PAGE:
Friday, November 30, 2012

University extension goes to town

The Chronicle of Higher Education reported a few days ago (November 26, 2012) on Cooperative Extension Service's newfound focus on the "urban, urbane."  Scott Carlson, dateline Denver, writes of "a new and evolving role for the 98-year-old program, a prominent part of the nation's land-grant institutions, designed to bring research out to communities for practical use.  As Americans have moved off farms and into cities, the extension service has had to follow them there--both to fulfill a mission to serve the public and to remain relevant in the eyes of policy makers, who hold the purse strings."  This push for relevance, Carlson reports, has extension programs focusing "more on he needs of city folk--with, for example, programs in gang prevention, youth education, and economic development in lower-income communities."

Cooperative extension has long been funded by a combination of federal (USDA), state, and county monies.  In Colorado, a third of extension funding is through the Colorado Commission on Higher Education, while counties supply more than 40% of the program's funding.  Because Colorado's legislature is predominantly metropolitan, comments Louis Swanson of Colorado State,  Cooperative Extension must be "relevant to the metropolitan sector" or "increasingly be marginal in terms of state allocations."

So, while rural youth still raise animals through 4-H, a youth-development branch of cooperative extension,  urban youth might "build rockets or robots."  In response to urban challenges such as obesity, diabetes and crime, extension programs in a variety of states, from North Carolina to Michigan, have implemented nutrition education and anti-gang programs.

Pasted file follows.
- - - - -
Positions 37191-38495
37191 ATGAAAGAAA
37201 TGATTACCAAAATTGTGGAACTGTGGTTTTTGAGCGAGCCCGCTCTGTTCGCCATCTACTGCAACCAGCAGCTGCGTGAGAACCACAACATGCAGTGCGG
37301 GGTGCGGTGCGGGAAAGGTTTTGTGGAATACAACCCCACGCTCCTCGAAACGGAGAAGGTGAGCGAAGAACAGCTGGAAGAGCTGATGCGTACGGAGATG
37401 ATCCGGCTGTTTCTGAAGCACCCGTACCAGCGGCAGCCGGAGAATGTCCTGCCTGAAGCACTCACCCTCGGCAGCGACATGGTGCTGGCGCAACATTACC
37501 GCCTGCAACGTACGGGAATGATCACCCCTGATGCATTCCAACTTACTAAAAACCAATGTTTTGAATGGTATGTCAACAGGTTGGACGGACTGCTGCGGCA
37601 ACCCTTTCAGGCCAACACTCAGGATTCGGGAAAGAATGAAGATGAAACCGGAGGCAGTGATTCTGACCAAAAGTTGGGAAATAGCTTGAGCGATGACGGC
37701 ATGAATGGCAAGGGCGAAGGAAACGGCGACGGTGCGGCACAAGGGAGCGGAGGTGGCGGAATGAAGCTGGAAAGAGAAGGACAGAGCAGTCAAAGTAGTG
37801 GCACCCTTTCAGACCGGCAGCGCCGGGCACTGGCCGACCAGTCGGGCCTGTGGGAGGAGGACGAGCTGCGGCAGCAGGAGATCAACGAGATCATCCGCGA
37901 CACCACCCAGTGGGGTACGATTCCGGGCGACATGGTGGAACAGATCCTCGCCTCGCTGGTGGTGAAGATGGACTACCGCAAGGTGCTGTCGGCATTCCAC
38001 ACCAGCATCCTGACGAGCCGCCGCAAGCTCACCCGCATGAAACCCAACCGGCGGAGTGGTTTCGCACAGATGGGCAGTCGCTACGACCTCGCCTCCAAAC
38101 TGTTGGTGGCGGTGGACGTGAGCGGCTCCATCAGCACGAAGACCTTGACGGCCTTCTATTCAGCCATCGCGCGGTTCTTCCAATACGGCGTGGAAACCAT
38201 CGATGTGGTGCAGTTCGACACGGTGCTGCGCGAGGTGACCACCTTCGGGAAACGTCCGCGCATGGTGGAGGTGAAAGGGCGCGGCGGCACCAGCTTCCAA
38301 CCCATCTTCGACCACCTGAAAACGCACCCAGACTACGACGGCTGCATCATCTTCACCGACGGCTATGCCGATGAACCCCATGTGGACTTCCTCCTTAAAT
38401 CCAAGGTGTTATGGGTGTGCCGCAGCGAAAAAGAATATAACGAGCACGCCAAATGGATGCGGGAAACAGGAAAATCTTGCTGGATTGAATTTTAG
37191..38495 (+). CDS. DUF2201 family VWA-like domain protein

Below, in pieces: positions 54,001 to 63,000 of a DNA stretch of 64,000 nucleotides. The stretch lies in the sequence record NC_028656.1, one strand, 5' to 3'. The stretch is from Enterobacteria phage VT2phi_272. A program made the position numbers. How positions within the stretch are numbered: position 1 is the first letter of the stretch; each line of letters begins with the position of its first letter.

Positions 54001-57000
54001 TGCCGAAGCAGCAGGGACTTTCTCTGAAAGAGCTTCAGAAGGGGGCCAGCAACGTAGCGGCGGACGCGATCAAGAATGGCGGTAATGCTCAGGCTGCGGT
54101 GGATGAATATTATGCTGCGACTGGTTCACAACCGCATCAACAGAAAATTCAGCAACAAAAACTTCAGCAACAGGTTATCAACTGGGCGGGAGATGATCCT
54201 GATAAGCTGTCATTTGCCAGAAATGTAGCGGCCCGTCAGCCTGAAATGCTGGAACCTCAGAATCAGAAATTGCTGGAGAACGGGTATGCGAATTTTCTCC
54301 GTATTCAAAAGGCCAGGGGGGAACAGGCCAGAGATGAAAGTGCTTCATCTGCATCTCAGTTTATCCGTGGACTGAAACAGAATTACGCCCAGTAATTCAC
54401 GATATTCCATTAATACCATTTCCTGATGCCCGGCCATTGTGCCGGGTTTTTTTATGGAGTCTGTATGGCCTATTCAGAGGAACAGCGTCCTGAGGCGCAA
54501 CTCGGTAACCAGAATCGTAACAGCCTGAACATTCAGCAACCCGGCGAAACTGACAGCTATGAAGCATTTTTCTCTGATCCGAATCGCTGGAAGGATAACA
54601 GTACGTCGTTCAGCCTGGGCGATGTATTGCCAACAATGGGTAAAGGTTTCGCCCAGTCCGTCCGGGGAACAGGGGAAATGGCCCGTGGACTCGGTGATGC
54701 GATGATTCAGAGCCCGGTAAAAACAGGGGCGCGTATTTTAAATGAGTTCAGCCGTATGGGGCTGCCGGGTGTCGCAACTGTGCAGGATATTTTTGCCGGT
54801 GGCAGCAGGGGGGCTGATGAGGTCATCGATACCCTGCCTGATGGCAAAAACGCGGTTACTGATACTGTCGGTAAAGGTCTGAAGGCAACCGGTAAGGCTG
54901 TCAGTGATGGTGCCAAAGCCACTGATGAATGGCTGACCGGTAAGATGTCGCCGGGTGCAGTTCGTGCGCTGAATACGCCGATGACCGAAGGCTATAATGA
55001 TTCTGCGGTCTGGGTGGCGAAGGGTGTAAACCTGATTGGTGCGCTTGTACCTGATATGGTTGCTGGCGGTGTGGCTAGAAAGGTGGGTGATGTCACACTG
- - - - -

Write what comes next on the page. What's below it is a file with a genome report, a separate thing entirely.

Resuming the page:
Carlson's story insists that "farming is not left out," but the farming on which he focuses is urban agriculture, with examples from Michigan and Colorado.  The mayor of Denver, Michael Hancock, has set the goal of having urban farms supplying 10% of Denver's food.  Blake Angelo, an extension agent working in Denver, notes evidence that "small city farms can beautify and strengthen urban communities" where "consumers and high-end restaurants ... clamor[] for unusual, local produce."

While a third of Americans were farmers at the turn of the 20th century, just one percent farm today.  Angelo asserts that urban farms are "a valuable test ground" for those who may become the next generation of farmers.  Angelo's comment helpfully links this urban farming craze with larger farms, which are typically only accommodated in more rural places.  The farmers "get their start in urban environments where they can test the realities of these difficult and risky busnesses, and they are able to scale up or out."

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